A newspaper owner was cleared on Monday of murdering the Suffolk sixth-form student Vicky Hall, whose disappearance two years ago sparked an exhaustive police search.
Adrian Bradshaw expressed his relief at the verdict but said he sympathised for the family of the 17-year-old, who was strangled and left in a ditch after visiting a nightclub in Felixstowe.
Miss Hall's parents, who described their daughter in court as a vivacious and teetotal "model daughter", said they were numbed by the verdict. Her father, Graham, said: "Whether Adrian Bradshaw was found guilty or not really made very little difference to us. Unless someone actually owns up to their actions on that night and tells us exactly what happened, that is the only little bit of help we could have."
During the two-week trial at Norwich Crown Court, prosecution counsel said Mr Bradshaw, 27, the owner of a local free newspaper, The Felixstowe Flyer, was seen near Miss Hall's home on the night of her murder. Traces of soil in Mr Bradshaw's Porsche car were found to be similar to soil at the crime scene. But yesterday jurors, who finished hearing evidence last week, took less than 90 minutes to find Mr Bradshaw not guilty.
Asked whether police were looking for anyone else, Detective Superintendent Roy Lambert, who led one of the biggest murder investigations the Suffolk force had launched, said: "I believe we have obtained as much evidence as we can."
He added: "We have been investigating this for over two years and I believe we have looked down every avenue for the person who did this offence."
Miss Hall, who grew up in the village of Trimley St Mary, was studying for three A-levels at Orwell High School in nearby Felixstowe when she disappeared in the early hours of 19 September 1999 after walking home from the Bandbox nightclub with her best friend, Gemma Algar, who is now 19. The girls said goodnight a few hundred yards from their respective homes and Miss Hall was never seen alive again. Her naked body was discovered five days later in a water-filled ditch 25 miles away in the village of Creeting St Peter. There were no signs of sexual assault or strangulation, apart from a bruise on her back. Post-mortem tests showed she was probably suffocated.
Prosecution witnesses said Mr Bradshaw, who had spent part of Saturday night at the same club, was dropped off by a taxi a few hundred yards from where Miss Hall disappeared at 2.30am.
Other witnesses told the court that at the same time they heard two "horrifying" screams followed shortly afterwards by the roar of a "throaty" exhaust, which were alleged to have come from the Porsche 944 owned by Mr Bradshaw, who admitted drinking 10 pints of beer and several vodkas that night.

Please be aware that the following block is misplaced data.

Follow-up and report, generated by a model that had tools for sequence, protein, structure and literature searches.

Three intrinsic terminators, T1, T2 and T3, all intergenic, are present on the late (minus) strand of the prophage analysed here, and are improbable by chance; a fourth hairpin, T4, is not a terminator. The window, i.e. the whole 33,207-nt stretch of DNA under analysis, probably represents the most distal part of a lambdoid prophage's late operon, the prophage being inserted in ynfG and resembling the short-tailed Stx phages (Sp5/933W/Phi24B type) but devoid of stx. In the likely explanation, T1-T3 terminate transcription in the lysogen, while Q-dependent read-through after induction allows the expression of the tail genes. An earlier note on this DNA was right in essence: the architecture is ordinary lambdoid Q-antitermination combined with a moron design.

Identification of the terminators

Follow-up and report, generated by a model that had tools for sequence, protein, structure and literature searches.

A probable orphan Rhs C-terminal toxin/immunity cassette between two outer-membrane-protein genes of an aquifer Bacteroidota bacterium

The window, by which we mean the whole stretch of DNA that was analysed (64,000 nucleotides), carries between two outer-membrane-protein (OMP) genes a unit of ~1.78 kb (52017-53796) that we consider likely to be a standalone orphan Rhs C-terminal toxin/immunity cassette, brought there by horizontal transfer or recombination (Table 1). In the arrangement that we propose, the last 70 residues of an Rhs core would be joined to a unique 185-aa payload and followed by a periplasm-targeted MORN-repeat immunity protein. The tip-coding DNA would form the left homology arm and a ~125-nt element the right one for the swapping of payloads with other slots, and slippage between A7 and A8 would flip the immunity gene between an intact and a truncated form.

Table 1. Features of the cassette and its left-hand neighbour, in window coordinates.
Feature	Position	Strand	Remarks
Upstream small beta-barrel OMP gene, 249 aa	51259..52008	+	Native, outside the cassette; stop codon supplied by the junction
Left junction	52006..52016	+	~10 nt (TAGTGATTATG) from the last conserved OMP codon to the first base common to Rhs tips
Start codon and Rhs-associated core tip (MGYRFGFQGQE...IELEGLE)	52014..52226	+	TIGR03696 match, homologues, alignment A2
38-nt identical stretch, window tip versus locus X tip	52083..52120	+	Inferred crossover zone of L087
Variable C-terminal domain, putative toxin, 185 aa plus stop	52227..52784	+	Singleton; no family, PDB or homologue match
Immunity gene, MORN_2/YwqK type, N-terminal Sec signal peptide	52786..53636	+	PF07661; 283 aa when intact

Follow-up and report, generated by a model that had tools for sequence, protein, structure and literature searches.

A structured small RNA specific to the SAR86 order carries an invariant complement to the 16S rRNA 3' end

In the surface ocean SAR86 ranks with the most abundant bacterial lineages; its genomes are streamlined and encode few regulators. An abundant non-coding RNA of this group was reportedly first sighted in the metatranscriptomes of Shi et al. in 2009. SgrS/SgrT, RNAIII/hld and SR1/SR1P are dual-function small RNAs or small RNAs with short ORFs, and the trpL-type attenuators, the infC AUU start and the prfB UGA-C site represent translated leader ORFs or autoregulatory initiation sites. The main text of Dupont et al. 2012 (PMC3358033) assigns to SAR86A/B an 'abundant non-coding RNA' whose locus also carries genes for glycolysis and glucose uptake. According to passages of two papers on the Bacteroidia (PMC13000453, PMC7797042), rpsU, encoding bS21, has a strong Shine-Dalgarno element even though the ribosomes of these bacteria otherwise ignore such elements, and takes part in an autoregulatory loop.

There were, though, no sightings of the car at the time and the prosecution's evidence, which showed a near match between soil samples in the car and the ditch, were undermined when a geologist called by the defence said the sample could have come from elsewhere in East Anglia.
One of Mr Bradshaw's friends, Peter Dugdale, a 27-year-old hairdresser, said that when they went out on pub crawls together Mr Bradshaw was a "happy drunk" who did not have a malicious bone in his body.
Outside court, Mr Bradshaw said: "Obviously my sympathies go out to Vicky Hall's family. A jury of 12 normal members of the public have reached the verdict. I had confidence in myself. I did not commit this crime. I am innocent."
Simon Nicholls, Mr Bradshaw's solicitor, said after the verdict: "Two and a half years ago this investigation started. Eighteen months ago Adrian Bradshaw was first spoken to. He has spent a year of his life come Christmas in prison. And in just over an hour a jury unanimously acquitted him."
Det Supt Lambert said Ms Hall's murder had "sent shock waves" through the local community and had "deeply affected" everyone involved in the police inquiry. "Our sympathies go out to Victoria's family and friends," he said. "Unfortunately they still do not know what happened on that night or what the motive was for this attack.
"Victoria's murder sparked off one of the biggest investigations undertaken by Suffolk police. The inquiry team has already sifted through a massive quantity of information and have shown great dedication and I would like to personally thank them for all their hard work throughout this long- running investigation.
"We will now go away and review our investigation in the light of today's decision."Reuse content